Opening 24 Jan 2019
Felix van Groeningen
Writing credits: Luke Davies, Felix van Groeningen, David Sheff, Nic Sheff
Principal actors: Steve Carell, Maura Tierney, Jack Dylan Grazer, Timothée Chalamet, Amy Ryan
Despite being an excellent movie based on the memoirs by David Sheff and Nic Sheff, Beautiful Boy is not easy to watch. This is a movie about what drug addiction does to addicts and to their families. It’s not the grittiest movie I’ve seen about drug usage – not by a long shot – but it’s realistic about how drugs take over lives, specifically in the case of Nic Sheff and his father David Sheff. It’s based on memoirs each of these men wrote about Nic’s addiction to crystal meth – David’s Beautiful Boy: A Father's Journey Through His Son's Addiction, and Nic’s Tweak: Growing Up on Methamphetamines. In his English-language debut, Belgian director Felix van Groeningen based his screenplay on these memoirs to create a ‘typical’ Hollywood film about addiction – addiction that’s become shockingly widespread in the United States.
On paper, the teenage Nic Sheff (Chalamet) has it all. He lives with his devoted father David (Carell), a journalist, and his step-mother Karen (Tierney), an artist, in California, with his much younger step-siblings. His life unfolds in an upper-middle class milieu, including the easy access to drugs, which he begins experimenting with while in high school. When Nic becomes addicted to crystal meth, David and Karen immediately take action, checking Nic into a rehab facility. Unsurprisingly, this is merely the first of many steps along a journey of self-destruction and grief for the whole family.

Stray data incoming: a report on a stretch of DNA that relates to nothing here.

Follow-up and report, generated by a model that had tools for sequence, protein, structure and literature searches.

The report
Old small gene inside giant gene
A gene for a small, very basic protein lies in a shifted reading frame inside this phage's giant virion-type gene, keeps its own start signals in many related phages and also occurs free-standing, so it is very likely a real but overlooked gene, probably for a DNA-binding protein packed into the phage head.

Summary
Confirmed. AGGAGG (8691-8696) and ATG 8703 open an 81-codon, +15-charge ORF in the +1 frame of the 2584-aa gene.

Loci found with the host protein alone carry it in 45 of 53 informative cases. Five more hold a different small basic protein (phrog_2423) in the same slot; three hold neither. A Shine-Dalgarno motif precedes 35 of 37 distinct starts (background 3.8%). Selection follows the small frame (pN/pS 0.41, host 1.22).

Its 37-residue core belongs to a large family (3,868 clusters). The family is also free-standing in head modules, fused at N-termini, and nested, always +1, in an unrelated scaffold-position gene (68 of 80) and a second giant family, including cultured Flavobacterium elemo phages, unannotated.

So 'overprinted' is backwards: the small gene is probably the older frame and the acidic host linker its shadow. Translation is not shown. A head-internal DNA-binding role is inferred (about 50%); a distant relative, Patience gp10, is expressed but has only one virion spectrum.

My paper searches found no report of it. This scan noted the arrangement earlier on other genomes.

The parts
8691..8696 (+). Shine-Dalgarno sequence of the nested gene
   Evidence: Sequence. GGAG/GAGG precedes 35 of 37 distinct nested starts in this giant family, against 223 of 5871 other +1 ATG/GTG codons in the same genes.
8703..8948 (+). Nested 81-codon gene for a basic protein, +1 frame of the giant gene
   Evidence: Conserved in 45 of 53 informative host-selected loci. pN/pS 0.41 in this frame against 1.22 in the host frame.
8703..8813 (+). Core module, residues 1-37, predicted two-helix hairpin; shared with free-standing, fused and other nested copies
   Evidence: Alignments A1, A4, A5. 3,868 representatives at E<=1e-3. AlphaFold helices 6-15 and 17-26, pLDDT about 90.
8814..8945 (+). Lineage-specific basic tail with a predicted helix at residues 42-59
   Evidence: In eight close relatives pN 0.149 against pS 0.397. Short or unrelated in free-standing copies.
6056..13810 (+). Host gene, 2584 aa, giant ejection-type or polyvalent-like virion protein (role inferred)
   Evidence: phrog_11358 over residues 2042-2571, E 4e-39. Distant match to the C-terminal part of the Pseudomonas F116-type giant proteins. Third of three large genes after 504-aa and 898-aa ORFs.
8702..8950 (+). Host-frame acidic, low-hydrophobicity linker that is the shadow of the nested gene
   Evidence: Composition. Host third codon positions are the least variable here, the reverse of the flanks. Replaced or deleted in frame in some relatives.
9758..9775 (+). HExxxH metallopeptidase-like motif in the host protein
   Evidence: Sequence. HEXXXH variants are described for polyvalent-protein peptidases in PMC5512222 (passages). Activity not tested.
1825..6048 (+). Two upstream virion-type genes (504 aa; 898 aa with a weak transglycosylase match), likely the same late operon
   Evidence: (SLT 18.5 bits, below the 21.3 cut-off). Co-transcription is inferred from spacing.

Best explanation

Chalamet is extraordinary in the role of a sweet and sensitive kid who becomes a conniving addict, and Carell’s embodiment of the anguished father, who will do anything to save his son, is outstanding. Tierney and Ryan (who pays Nic’s mother, who intervenes at a later stage during one of Nic’s countless relapses), are also good, although their roles are peripheral to the central relationship between father and son. In his attempt to “understand” his son’s addiction, David consults doctors about the effect of the drugs on Nic’s brain, attempting to find a rationale context in which to grasp Nic’s experience. And writing his memoirs does give David some control when he’s otherwise powerless. Yet what Beautiful Boy demonstrates is the essential futility and despair of a parent trying to fix an addiction from the outside. Of course intervention and rehab programs do work, but despite how informed David becomes, despite his resources vis-à-vis so many families, despite all the love he has for Nic, he can’t cure Nic’s addiction. Beautiful Boy isn’t an unnecessarily grim movie, it’s merely realistic, and this is hardly a new message. But given the abysmal statistics around drug addiction, overdose and death in the US it’s one we will keep hearing. (Diana Schnelle)